Al had to bring this to an end. As Tracey walked towards the door, he looked for something to stop her. He could find nothing. So he used the only weapon available to him; his bare hands. He grabbed her neck from behind and squeezed as tightly as he could. She had a look of disbelief on her face as he crushed her throat. When her knees began to weaken, he grabbed the baby and placed him on the couch. Tracey tried to stand so that she could fight back. He didn’t give her the opportunity. As she lay on the ground gasping for air, he took his foot and placed it on her throat. He pressed firmly, depriving her of oxygen. Then it was over. He had killed her twice. He looked at her on the floor and he felt nothing. He opened the door and closed it behind him. Then he used his shoulder to force it open. Jennifer heard the noise and woke up. She saw the door off the hinges, Tracey’s body splayed on the floor, and she began to scream.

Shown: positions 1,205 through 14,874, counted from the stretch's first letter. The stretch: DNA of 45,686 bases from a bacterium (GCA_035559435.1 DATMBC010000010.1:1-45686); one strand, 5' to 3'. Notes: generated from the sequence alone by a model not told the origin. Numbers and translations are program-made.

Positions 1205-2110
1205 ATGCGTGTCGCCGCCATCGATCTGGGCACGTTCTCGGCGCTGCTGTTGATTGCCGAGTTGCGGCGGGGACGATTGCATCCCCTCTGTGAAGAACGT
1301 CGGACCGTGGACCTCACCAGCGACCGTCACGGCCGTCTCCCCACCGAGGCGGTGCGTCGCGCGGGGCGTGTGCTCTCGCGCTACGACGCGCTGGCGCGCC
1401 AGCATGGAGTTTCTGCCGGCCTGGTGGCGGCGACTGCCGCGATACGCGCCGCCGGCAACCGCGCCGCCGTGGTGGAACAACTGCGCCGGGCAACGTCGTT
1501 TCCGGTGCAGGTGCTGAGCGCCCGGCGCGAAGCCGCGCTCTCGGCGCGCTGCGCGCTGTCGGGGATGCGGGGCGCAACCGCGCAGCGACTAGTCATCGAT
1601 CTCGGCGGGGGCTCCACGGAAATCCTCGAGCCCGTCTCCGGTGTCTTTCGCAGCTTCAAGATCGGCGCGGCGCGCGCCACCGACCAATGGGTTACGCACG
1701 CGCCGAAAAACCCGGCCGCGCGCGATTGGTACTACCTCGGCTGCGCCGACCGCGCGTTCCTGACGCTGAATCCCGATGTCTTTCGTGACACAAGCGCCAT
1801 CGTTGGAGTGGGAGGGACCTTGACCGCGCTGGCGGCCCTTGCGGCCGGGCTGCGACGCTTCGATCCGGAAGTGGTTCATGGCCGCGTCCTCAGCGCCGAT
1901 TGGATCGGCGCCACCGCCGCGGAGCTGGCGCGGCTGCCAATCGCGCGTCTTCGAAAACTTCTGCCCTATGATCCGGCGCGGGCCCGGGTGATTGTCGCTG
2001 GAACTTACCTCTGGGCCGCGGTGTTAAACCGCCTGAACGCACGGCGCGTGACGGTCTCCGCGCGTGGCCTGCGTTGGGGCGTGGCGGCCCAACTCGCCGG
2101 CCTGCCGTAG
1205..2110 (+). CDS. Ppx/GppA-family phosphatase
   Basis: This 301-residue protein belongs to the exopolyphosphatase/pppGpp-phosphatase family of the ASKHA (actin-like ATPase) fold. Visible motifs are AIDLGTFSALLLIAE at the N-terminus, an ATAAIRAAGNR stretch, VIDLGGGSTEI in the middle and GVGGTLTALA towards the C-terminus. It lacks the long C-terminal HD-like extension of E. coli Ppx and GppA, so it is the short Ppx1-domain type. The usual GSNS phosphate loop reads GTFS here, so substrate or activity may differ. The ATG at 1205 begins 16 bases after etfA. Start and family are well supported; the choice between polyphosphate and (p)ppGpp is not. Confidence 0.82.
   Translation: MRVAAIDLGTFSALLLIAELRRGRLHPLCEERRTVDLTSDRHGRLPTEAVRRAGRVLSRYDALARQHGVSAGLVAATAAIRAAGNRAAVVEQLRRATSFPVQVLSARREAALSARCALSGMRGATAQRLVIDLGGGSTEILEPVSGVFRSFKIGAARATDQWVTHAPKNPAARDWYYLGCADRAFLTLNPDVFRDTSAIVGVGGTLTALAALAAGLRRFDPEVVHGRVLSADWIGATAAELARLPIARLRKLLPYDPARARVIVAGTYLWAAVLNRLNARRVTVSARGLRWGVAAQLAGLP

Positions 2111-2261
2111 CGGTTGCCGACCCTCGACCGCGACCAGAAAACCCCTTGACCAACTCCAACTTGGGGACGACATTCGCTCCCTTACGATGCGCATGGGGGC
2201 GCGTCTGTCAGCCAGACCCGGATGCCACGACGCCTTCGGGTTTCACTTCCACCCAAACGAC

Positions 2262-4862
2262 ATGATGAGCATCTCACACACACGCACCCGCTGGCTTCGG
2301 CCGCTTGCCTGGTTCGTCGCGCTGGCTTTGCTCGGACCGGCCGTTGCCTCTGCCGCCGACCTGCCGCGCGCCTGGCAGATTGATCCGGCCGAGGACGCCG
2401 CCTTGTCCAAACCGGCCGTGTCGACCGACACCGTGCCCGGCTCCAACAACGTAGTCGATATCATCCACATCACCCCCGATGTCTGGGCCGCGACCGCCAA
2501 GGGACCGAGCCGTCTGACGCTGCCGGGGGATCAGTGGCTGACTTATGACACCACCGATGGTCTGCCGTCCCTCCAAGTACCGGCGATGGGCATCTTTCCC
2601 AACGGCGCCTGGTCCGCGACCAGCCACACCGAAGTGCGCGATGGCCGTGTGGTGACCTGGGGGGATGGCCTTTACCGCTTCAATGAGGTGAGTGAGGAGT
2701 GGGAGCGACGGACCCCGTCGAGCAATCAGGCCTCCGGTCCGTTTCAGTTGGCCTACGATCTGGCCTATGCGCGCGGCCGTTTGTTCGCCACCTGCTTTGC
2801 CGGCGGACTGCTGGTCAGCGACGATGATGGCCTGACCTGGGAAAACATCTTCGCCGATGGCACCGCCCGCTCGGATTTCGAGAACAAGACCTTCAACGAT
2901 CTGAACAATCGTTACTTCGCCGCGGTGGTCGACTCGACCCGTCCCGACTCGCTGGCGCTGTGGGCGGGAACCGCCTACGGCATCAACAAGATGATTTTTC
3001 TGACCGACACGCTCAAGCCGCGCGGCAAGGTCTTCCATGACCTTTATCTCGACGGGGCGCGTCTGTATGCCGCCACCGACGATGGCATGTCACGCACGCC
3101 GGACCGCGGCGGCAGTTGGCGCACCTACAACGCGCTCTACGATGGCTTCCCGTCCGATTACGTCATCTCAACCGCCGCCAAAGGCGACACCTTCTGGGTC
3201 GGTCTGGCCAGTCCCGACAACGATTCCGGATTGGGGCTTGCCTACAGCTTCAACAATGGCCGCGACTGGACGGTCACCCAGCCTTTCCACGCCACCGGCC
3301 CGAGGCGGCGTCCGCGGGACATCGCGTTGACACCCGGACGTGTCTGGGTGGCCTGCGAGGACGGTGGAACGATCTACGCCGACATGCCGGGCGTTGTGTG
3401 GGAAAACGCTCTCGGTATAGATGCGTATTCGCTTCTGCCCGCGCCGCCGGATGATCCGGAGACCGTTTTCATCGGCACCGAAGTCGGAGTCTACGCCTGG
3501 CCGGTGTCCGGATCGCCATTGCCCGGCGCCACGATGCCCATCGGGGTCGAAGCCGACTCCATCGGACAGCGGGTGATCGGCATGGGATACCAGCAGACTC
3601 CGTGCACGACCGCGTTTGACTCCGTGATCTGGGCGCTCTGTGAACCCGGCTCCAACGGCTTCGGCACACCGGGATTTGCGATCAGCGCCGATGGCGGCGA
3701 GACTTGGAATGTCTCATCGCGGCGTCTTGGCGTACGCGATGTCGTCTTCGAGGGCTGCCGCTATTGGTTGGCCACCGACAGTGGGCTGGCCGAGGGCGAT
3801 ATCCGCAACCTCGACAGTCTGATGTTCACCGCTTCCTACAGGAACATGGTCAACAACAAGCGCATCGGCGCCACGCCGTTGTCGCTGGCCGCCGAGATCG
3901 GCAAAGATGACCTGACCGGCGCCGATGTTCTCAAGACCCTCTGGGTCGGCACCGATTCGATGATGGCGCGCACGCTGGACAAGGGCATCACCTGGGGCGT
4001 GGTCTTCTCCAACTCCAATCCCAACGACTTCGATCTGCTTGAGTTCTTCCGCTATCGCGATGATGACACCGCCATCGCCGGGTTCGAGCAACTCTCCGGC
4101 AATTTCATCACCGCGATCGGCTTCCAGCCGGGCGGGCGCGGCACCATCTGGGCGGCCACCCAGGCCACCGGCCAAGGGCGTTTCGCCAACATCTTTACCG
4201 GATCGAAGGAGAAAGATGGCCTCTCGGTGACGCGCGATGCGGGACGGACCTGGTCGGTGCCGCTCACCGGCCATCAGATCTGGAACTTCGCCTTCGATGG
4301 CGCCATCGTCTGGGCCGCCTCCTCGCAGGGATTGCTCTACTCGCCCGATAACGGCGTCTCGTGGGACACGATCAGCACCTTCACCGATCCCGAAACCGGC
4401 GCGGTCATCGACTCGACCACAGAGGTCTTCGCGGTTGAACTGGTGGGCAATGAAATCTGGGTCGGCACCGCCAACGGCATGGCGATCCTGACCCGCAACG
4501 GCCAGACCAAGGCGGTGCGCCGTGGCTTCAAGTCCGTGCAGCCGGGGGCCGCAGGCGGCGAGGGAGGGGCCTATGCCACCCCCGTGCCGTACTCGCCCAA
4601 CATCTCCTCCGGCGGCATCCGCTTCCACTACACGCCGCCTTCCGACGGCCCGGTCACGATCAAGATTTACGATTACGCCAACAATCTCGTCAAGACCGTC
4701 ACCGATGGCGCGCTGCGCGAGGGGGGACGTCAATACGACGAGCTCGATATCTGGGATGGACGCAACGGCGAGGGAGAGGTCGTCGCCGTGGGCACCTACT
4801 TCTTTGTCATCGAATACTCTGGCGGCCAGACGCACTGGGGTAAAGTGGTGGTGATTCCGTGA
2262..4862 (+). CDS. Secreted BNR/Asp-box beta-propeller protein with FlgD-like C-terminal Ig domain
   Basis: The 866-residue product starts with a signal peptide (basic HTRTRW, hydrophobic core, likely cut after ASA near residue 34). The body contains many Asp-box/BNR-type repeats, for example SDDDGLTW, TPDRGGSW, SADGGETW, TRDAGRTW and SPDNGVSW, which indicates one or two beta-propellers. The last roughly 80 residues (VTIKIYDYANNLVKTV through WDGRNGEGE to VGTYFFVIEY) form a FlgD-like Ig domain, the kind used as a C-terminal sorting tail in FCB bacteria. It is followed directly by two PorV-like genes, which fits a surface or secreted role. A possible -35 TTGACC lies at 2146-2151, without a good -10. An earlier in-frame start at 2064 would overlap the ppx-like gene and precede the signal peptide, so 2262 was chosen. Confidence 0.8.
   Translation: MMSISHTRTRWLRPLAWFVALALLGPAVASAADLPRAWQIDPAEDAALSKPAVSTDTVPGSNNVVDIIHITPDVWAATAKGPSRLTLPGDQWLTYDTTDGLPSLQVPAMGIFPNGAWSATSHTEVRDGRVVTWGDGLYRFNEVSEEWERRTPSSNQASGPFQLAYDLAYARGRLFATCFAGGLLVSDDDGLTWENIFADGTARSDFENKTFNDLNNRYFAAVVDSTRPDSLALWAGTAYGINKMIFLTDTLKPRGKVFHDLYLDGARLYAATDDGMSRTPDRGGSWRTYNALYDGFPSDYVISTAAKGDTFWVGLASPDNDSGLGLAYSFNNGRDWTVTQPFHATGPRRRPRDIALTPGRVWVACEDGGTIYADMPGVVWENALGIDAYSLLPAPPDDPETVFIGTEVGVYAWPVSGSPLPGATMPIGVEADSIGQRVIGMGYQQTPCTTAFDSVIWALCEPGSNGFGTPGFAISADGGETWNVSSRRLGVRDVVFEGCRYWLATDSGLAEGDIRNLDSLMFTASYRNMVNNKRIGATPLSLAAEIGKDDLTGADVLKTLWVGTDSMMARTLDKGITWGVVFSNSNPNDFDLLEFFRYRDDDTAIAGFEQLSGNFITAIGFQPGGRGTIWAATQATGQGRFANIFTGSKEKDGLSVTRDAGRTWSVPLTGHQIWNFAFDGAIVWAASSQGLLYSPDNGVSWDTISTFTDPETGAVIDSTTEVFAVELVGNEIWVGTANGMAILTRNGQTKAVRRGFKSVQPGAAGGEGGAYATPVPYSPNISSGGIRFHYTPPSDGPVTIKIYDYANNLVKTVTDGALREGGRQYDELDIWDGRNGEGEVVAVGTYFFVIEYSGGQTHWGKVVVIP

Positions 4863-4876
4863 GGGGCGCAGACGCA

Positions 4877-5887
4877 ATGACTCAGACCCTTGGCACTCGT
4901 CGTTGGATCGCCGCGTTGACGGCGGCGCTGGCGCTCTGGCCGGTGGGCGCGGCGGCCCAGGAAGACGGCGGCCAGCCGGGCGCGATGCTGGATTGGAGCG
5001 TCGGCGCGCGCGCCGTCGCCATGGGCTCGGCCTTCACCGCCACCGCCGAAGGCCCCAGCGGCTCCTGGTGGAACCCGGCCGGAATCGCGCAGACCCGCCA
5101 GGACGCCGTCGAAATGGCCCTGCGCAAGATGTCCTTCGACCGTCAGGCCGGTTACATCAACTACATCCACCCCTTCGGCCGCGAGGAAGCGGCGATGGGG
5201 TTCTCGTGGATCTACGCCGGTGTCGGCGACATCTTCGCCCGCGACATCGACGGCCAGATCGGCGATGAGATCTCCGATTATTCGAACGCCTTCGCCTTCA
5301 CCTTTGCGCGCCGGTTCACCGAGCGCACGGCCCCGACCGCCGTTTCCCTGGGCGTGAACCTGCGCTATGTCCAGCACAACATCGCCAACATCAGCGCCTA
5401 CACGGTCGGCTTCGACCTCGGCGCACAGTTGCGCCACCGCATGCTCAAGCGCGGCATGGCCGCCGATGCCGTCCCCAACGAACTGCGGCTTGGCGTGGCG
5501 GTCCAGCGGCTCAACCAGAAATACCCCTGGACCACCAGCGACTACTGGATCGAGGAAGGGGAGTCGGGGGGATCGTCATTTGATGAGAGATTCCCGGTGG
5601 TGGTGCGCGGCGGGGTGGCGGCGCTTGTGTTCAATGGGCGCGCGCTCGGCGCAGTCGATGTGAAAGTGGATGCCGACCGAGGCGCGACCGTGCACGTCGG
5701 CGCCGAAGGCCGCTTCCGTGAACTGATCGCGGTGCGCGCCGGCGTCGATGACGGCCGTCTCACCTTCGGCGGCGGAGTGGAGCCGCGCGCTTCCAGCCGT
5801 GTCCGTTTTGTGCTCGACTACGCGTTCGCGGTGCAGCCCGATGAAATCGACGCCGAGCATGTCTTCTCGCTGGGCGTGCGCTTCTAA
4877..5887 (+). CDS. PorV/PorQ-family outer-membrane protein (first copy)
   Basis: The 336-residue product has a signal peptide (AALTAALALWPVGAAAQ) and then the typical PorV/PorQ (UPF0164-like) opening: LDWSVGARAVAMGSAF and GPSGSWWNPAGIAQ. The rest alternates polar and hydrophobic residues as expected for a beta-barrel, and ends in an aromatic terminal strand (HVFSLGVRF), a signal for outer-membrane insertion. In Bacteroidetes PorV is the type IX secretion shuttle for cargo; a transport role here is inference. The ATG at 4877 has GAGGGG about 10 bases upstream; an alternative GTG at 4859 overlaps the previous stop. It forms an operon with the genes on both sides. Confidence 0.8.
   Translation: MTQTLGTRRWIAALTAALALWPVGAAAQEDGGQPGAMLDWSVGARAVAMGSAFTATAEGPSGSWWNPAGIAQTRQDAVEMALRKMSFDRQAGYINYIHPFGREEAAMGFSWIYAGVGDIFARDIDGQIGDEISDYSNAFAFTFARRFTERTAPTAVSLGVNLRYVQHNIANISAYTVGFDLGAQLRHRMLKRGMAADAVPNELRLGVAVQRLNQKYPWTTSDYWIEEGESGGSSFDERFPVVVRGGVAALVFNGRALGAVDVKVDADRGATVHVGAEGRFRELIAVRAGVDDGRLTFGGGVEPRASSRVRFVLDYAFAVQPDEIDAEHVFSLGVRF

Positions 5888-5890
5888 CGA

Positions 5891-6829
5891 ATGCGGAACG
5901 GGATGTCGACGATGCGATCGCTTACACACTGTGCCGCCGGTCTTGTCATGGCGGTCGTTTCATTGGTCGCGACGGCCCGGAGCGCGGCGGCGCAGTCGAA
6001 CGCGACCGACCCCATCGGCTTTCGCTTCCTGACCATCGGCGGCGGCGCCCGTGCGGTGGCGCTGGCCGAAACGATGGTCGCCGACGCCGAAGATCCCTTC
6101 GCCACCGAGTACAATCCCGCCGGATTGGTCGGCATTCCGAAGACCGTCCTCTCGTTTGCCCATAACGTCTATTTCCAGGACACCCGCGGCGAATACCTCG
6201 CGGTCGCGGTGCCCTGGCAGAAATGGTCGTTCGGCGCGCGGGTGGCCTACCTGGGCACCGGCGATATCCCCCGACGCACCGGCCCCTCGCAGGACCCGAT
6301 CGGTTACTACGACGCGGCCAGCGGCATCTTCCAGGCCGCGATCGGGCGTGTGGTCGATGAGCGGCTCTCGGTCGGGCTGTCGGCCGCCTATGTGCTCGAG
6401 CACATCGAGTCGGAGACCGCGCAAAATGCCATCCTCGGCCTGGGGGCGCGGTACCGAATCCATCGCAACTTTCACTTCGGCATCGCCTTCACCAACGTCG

Al woke with a jolt. He was sweating profusely. Where was he? He looked around and breathed a sigh of relief. He was at home on his couch and it was dark outside. He looked at the wall clock and it said 12:00am. The air was still and thick. It was a hot, summer evening in July. The television was on. The date and time read July 7, 2011, 12:02 am. He shrugged off the feeling of discomfiture and walked into the bedroom. He removed his clothes and looked around him. He opened the nightstand drawer and saw his service revolver. His blue uniform was hung nicely in the closet and on the bed were his wife Linda and his baby daughter Beth. He climbed into bed and went back to sleep with a contented smile upon his face.